Branson teen pays tribute to those who died in a boat accident on Table Rock Lake

BRANSON, Mo. A Branson teen is remembering the 17 people who died on a Ride of the Ducks boat last week.

Ezrah Noelle decided to build a memorial.

"I don't want Branson to be known as the place where the tragic boat accident happened. The lake is so beautiful and so healing and it caused so much pain," she said.

She often comes to Table Rock Lake with her family. Their favorite spot is not far from where a tourist boat sank killing more than half of the people on board.

"Those freak accidents happen everywhere but you never hear about them in your own area. It was shock and devastation really," she said.

Ezrah Noelle is struggling to understand why this happened. She decided she needed to honor the lives lost. It was her way of paying her respects.

"We were going to go to the landing and I was like hey, we should go down to the lake and do something," she said.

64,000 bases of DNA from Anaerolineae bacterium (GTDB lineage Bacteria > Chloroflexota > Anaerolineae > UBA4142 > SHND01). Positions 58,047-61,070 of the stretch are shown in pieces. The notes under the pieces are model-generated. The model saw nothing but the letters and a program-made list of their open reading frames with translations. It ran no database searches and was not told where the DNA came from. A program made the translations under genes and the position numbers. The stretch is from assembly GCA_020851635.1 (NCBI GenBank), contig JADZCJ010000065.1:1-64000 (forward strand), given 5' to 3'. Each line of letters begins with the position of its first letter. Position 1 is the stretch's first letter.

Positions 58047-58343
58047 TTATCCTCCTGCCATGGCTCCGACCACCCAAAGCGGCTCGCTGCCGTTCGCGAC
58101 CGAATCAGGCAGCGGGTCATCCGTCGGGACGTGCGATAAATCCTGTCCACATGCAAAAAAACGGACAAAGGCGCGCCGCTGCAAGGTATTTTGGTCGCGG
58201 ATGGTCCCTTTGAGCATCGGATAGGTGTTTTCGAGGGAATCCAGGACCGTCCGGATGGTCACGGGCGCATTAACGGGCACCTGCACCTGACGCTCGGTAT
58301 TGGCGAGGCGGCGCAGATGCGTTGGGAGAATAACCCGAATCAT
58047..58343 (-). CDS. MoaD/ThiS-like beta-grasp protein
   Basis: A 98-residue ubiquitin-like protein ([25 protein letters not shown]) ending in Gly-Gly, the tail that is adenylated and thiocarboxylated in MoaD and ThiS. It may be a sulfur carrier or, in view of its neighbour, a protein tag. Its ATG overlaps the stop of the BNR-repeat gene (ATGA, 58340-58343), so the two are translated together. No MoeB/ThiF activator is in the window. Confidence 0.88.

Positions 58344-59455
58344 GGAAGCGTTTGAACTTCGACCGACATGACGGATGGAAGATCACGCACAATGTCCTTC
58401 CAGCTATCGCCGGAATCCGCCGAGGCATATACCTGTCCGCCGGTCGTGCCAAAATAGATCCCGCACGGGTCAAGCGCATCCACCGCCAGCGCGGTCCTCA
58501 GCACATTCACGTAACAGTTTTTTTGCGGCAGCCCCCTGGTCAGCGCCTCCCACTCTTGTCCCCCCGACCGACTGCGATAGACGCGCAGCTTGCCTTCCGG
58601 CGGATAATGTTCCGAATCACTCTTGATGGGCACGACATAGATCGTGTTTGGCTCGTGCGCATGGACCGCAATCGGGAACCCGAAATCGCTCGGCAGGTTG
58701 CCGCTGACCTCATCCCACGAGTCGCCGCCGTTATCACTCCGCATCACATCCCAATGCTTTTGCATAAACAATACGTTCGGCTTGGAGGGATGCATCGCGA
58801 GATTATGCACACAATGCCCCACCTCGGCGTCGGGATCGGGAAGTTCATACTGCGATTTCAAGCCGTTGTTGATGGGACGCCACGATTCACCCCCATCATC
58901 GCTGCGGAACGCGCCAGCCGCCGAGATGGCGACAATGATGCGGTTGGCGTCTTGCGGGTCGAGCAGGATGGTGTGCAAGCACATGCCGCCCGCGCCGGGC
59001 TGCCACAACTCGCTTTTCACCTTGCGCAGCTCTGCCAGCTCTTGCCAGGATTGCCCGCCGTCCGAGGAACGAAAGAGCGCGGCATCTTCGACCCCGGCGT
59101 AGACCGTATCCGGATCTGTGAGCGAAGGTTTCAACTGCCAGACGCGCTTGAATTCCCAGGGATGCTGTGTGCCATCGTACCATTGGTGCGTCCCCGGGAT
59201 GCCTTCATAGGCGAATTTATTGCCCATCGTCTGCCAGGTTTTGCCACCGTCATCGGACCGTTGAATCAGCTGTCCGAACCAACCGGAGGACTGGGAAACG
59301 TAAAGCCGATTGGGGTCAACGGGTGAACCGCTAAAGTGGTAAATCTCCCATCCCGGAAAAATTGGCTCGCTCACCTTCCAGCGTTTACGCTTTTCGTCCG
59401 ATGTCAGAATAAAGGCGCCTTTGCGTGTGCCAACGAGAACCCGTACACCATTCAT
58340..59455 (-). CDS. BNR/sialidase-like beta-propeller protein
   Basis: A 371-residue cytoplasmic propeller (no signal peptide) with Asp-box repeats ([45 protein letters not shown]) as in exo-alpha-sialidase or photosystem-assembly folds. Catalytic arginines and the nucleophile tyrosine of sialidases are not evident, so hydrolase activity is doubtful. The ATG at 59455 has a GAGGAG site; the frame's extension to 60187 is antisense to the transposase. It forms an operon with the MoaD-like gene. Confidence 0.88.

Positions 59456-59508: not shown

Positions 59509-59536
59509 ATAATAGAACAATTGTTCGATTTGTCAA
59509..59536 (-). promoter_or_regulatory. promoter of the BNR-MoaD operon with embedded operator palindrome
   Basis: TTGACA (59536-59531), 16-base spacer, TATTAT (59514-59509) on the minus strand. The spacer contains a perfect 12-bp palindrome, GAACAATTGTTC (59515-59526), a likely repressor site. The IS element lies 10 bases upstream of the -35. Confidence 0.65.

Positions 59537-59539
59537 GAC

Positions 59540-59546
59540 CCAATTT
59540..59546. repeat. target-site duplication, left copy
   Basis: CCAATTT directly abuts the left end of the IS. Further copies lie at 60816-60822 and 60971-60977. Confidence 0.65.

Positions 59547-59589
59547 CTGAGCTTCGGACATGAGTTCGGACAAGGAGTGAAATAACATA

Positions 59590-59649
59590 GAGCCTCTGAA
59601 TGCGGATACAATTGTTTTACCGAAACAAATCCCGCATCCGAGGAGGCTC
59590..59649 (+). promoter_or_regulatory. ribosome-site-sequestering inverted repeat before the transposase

Her mother, little sister and some College of the Ozarks students helped her to paint some rocks at the water's edge.

"I want them to be known by their names. Maxwell Coleman. He was only two years old," she said. That was someone's kid, someone's dad, someone's mom, someone's aunt, someone's best friend."

They decorated a rock for each person who died with a cross, their name and age. The center point is a rock with a message that's very special to her.

"Never forget and Bible verse first Peter 5:7, which means cast your anxiety upon him for he cares about you," she said.

She is hoping that this memorial will help others to heal.

"All of Branson would have wanted to do this, would have wanted to do something for them," she said.

She wants to lift the community's spirits.

"I really want this to be a happy thing," she explained.​

She's hoping that visitors will keep coming to Branson.

"I don't think it will stop people. I hope that it doesn't. Branson is so beautiful and it has so much to offer. I don't want it to be known just for this tragic accident," she said.

Ezrah Noelle hopes that her gesture will inspire officials to put up a more permanent memorial to honor the lives lost.